When departments operate in silos — say operations wants to streamline processes while sales seeks to please customers by customizing — the result can be repeated misunderstanding and extreme mistrust. Even otherwise reasonable employees can appear to be locked in perpetual battle for authority, resources, status, or the pure triumphant joy of being able to one-up the other.
Senior leaders often treat ongoing conflicts as just the cost of doing business in complex organizations. But the actual expense attributable to workplace conflict is much worse than most leaders suspect: an estimated $359 billion in paid hours lost annually in the U.S. alone.
And leaders who think conflict is just a normal part of organizational friction may wait for things to “sort themselves out,” or at most, direct participants to “work things out.” But neither approach is likely to succeed with conflicts that have lasted beyond a specific disagreement if harmful patterns of thinking and behavior have become entrenched. So how can you resolve lingering cross-departmental conflict? After more than 25 years, I’ve seen leaders adopt four effective strategies.
All Must Focus on the Good of the Entire Business
Departmental leaders who focus only on optimizing their own performance usually don’t see the big picture and frequently undercut the performance of the business as a whole. For instance, if a product development group is driven by positive ratings, they may be comfortable with extra materials expense and production cost. They may fight to keep all the bells and whistles while the production group is struggling to drive down overall cost per unit.
Organizational leaders should publicly acknowledge people and groups that work together for the sake of the larger good and drive common purpose, for example, by focusing the conversation on mission, vales, and customer needs. If current goals and performance requirements are indirectly causing interdepartmental friction, they may need to rework the current systems for metrics and rewards, and can share stories and recognition of initiatives and personal actions that served company goals over the convenience and ease of more partisan efforts.
Humanize All Participants
The departments you supervise won’t ever collaborate effectively if they trash-talk, stereotype or denigrate each other — and it’s much harder to do that if they get to know one another as individuals. One of my clients had a longstanding conflict between the sales and product development groups, and we began the equivalent of an ‘anthropology program’ for each department to learn about the other.
On the personal side, employees shared information about their careers and interests; on the professional side, they explained the meaning and underlying rationales for various business decisions their groups had made through the years. We had no expectation that they would become friends or even like each other. The goal was simply that they would come to understand and be open to the intentions and needs of their colleagues.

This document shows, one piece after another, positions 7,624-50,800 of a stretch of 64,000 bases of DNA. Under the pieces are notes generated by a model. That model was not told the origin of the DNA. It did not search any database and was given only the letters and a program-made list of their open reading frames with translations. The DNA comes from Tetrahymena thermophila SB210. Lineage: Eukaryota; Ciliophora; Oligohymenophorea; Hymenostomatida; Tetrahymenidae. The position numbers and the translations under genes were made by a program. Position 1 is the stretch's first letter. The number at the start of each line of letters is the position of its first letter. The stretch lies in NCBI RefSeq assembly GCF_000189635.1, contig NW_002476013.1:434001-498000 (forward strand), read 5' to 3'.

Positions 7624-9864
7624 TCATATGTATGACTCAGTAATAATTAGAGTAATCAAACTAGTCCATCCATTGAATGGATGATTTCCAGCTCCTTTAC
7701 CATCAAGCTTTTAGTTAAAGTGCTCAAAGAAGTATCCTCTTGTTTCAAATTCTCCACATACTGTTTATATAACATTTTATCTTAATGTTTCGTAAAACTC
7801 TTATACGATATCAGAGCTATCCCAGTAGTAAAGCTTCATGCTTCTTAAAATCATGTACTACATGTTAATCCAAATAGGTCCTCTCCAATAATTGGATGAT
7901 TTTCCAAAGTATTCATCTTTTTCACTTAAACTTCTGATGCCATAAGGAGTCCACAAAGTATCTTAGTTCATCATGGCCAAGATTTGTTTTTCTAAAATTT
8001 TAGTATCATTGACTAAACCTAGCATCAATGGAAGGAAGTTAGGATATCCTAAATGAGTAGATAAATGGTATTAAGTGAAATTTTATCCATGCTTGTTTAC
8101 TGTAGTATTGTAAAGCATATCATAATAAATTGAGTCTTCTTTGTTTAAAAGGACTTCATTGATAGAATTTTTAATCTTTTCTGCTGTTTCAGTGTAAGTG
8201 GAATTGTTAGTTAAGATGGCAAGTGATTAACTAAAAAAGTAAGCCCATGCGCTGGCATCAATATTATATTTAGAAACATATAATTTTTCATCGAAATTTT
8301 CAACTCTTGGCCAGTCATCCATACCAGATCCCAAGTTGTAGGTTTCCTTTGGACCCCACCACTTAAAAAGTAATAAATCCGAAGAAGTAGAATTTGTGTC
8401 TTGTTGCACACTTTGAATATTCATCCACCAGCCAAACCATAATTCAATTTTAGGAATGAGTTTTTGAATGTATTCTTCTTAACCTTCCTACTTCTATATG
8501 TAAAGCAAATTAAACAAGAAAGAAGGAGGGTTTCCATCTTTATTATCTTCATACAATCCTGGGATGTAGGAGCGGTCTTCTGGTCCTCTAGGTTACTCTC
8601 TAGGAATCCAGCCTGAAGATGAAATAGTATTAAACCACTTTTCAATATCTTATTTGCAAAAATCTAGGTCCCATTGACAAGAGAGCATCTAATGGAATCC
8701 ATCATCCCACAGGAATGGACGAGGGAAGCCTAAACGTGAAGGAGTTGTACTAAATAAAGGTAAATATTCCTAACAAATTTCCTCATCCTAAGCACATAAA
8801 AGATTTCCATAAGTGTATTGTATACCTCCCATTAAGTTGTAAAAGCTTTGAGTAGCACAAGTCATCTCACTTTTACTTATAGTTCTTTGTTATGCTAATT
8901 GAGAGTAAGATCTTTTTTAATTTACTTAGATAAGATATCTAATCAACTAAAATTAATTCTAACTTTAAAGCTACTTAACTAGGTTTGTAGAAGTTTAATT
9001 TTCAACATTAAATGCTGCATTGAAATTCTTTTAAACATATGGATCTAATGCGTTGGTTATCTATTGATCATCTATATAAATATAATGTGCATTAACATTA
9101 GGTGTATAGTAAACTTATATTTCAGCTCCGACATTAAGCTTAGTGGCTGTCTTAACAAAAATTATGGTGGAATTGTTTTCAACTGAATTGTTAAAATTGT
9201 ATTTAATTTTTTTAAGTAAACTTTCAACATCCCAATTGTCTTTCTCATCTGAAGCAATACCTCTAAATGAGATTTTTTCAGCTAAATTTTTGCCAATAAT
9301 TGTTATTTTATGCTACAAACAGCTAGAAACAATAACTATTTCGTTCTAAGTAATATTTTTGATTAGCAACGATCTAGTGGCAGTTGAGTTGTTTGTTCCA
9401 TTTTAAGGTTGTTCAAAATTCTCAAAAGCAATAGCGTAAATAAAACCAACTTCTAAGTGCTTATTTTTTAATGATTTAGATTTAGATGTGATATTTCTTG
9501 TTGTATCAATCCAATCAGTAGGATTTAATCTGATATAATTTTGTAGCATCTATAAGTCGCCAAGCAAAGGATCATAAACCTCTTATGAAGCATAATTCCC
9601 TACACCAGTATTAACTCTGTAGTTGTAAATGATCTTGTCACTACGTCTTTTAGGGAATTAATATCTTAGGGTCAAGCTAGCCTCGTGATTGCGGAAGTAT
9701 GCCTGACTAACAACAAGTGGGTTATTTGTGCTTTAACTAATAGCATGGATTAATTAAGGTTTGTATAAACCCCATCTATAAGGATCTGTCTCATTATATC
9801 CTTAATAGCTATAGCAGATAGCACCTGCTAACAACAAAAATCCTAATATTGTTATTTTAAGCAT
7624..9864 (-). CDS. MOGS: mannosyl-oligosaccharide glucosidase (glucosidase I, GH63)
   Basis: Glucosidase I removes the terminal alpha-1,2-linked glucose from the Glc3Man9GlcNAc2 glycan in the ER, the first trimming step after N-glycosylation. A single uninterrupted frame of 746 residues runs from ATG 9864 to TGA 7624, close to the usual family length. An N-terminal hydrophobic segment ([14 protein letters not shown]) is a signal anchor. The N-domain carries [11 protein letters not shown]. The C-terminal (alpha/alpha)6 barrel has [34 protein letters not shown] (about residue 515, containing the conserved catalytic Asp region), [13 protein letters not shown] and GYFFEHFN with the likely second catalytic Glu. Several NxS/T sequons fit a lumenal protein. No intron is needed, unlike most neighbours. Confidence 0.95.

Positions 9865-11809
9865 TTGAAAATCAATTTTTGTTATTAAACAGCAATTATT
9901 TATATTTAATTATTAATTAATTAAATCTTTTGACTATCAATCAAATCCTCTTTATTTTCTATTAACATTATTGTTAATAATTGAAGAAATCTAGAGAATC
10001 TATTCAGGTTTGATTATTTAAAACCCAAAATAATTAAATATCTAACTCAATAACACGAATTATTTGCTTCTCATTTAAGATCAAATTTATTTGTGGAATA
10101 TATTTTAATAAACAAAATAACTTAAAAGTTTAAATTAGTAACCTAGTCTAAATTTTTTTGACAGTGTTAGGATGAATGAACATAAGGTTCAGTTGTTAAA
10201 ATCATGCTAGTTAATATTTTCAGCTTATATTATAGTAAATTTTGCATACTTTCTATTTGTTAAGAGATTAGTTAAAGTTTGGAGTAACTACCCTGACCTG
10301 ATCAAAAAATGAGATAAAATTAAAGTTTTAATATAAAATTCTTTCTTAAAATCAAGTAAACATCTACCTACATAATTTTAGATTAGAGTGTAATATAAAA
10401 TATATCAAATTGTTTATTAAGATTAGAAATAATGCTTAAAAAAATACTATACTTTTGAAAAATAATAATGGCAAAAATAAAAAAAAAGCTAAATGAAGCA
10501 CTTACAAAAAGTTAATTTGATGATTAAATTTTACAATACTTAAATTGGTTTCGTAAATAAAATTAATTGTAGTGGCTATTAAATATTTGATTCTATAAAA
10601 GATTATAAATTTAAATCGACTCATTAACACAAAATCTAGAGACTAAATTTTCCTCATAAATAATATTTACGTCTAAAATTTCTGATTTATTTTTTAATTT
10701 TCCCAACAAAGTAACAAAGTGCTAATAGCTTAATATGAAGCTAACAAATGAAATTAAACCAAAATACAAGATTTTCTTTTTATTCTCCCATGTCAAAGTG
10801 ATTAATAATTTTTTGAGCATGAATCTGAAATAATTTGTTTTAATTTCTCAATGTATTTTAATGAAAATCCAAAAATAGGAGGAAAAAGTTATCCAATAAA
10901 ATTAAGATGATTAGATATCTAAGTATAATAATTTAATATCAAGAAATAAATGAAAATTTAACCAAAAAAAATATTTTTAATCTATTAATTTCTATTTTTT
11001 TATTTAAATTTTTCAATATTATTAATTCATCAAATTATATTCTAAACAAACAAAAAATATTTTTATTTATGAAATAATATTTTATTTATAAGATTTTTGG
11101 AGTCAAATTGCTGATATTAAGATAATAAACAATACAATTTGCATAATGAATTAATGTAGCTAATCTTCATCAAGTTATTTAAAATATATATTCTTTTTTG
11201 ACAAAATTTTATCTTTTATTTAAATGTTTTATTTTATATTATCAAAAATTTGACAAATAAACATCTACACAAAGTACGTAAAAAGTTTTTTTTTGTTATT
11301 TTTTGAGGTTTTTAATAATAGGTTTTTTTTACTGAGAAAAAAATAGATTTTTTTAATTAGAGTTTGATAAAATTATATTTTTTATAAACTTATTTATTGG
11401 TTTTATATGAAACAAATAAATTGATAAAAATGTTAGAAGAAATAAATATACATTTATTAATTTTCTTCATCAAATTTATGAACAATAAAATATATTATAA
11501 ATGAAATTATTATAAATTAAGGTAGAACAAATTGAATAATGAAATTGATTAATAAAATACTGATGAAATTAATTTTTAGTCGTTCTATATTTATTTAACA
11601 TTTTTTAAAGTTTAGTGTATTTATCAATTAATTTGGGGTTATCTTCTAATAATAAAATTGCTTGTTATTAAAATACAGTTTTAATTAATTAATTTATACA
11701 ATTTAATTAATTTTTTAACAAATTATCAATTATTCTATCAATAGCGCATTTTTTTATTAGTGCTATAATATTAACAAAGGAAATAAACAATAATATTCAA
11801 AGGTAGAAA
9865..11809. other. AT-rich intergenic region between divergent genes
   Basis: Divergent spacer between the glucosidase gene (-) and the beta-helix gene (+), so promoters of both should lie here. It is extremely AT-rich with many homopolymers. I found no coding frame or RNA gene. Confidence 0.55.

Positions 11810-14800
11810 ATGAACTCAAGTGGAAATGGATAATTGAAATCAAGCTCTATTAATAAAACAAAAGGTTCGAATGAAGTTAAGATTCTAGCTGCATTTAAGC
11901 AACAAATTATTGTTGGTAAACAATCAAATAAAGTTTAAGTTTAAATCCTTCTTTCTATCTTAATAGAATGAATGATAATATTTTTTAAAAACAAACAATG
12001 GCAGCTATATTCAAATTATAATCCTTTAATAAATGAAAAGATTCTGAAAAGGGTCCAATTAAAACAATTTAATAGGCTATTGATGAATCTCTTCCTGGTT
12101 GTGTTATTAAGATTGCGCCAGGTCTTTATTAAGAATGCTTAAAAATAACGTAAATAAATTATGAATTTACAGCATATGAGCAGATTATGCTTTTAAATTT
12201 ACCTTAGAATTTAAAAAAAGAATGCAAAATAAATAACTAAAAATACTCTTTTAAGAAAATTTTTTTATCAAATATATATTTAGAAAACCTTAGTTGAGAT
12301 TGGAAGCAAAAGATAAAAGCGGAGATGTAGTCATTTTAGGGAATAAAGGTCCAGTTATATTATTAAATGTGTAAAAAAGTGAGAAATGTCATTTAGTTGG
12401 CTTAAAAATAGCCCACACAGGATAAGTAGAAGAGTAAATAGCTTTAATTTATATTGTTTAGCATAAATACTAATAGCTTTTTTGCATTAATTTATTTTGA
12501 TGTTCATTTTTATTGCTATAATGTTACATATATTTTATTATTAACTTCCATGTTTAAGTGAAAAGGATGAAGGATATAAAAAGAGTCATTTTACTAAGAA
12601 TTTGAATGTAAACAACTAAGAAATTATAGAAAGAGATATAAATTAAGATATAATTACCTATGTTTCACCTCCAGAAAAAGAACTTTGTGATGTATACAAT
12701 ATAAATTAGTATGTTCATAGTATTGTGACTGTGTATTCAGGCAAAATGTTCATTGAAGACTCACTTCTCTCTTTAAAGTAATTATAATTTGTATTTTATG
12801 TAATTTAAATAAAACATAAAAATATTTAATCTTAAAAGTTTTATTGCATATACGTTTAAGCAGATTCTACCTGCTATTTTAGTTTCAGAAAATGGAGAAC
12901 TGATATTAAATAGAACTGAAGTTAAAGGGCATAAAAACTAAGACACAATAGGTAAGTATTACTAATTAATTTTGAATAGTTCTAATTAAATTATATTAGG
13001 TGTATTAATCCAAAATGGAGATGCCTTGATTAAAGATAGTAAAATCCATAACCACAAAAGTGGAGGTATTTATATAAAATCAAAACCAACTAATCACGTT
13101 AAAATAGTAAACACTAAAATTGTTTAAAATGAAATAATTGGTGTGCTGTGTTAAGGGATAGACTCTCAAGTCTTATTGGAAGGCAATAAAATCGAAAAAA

Bring in an Experienced Facilitator
It often takes an outsider to help the parties identify how their missteps or inaccurate assumptions fueled the conflict, find common ground, and repattern communications for better results. Your CHRO or professional networks are likely to have qualified recommendations if you don’t know one of these experts yourself.
It’s particularly effective if leaders from both sides have the chance to meet individually with the facilitator to establish trust prior to the group discussion. It can take multiple interactions for the groups to learn to work out both conceptual and tactical issues together. (For more information on helping people work productively together, download this free Field Guide and checklist to help you identify and resolve interpersonal conflicts in the workplace. Or get in touch.)
Rebuild from Below
Sometimes the relationship between departmental leaders becomes toxic and poisons relationships throughout their departments. At several client organizations, we launched pilot programs in which lower and mid-level leaders were assigned to work on ad hoc initiatives at the direction of the executive level. As the people who were actually responsible for execution, they were more pragmatic and had more experience working things out with their colleagues, and in every case, they were able to build stronger bridges among the functional groups.
In addition, because of their new access to the executive level, the lower levels now had more information and better contextual awareness, which helped them work more efficiently and effectively. Over time, this created upward pressure on their bosses — once the work was getting done, and there were more frequent successes, the department heads had much less opportunity to spread blame and behave divisively.
There’s no quick fix for long-term persistent conflict. But there’s also no need to live with it forever. These approaches help to unpack longstanding conflicts and move the participants — and the innocent bystanders — to a more productive place.
Onward and upward,